“Two pounds fifty for a coffee? You’re kidding me. You could buy yourself a bag of beans at that Italian deli in Merchant City and have hunners’ of them for that price.”

“Hungover, are we?” Gareth carped, plonking himself down at his desk. He waggled a paper bag at her, the grease stains marking it out as something deliciously fat and sugar-filled. She snatched from him. Last-minute crash diet plans be damned.

The headquarters of Glitz were on Bath Street. Lillian paid fearsome business rates for the privilege. But in fashion you had to appear successful, and the appearance of that meant locating yourself in the heart of the city. Their basement office was shivery-cold eight months of the year. They burned extra calories thanks to trying to keep warm, Gareth said—something to be thankful for.

Glitz wasn’t something Lillian had envisaged as an art school student. In her first year though, she’d discovered she loved working with textures and materials, and that’s what she had focused on during her four years.

Post-art school, she drifted. A rich background had many benefits, not least that of not needing to work. Then, a friend of the family got her an internship at an up-and-coming fashion house. Lillian fell in love. Because it was a small company, she got to experience everything. From design to pattern cutting, to sourcing fabrics, making clothes and then fussing over models as she sent them down the catwalk.

It was every bit as glamourous as it looked. She dressed Kate—the highlight of her time there. Even snorted a few lines with her. When the internship ended, she persuaded her mum and dad to pay for yet more tuition; this time at a polytechnic that concentrated more on the practical side of clothes designing and making.

Glasgow was the natural choice. It was far cheaper to set up a business there than London. And she had all her old art school friends, who’d welcome her with open arms.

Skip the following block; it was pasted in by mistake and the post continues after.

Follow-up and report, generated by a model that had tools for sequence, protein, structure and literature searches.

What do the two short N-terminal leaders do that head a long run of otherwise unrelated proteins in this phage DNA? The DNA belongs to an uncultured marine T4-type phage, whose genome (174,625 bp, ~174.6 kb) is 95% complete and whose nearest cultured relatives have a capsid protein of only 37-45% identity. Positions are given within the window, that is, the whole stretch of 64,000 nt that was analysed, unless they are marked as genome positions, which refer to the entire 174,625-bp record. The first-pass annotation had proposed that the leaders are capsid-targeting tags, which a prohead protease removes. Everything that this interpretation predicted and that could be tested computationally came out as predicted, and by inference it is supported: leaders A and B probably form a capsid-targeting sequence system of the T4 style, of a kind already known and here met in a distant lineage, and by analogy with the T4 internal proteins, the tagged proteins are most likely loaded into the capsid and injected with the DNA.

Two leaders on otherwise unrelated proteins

Right? Sort of.

Glitz started life in 1999. Then, it had been her, two professional tailors who called themselves seamstresses and an assistant, a shy and retiring Gary who had long since come out of his shell. There had been ups and downs, but the last few years had seen solid success. The catwalk shows were greeted with enthusiasm and praise. Clothes sold in reasonable quantities and she achieved a reputation for quirky menswear.

“At least I can claim I’m single because I’ve been working too hard to establish myself.” It became a mantra; a comfort blanket of a statement. Love was for those who had time to spend on it. Lillian’s working hours ate into her evenings and weekends. Holidays happened seldom as she was too frightened to take time off.

But the aching loneliness hit her now and again. She was in her mid to late 30s. Lately, evidence of how easily other people found partners seemed to be everywhere. The unlikeliest of folks made it look easy.

“What did John say?” Gareth wore her clothes exclusively; the reason she put up with his backchat. Today, he’d prematurely anticipated spring. He wore the sandstone gilet and matching chino shorts with a long-sleeved pink shirt. She’d need to get pictures of him later.

“About Richard? He gave a useful gay guide to blow jobs. And advised on clothing.”

Gareth nodded, stretching out an arm to switch on his computer, and rattling off the subject lines of the emails that had come in. Lillian said yes and no where necessary, the coming weekend with Richard distracting her.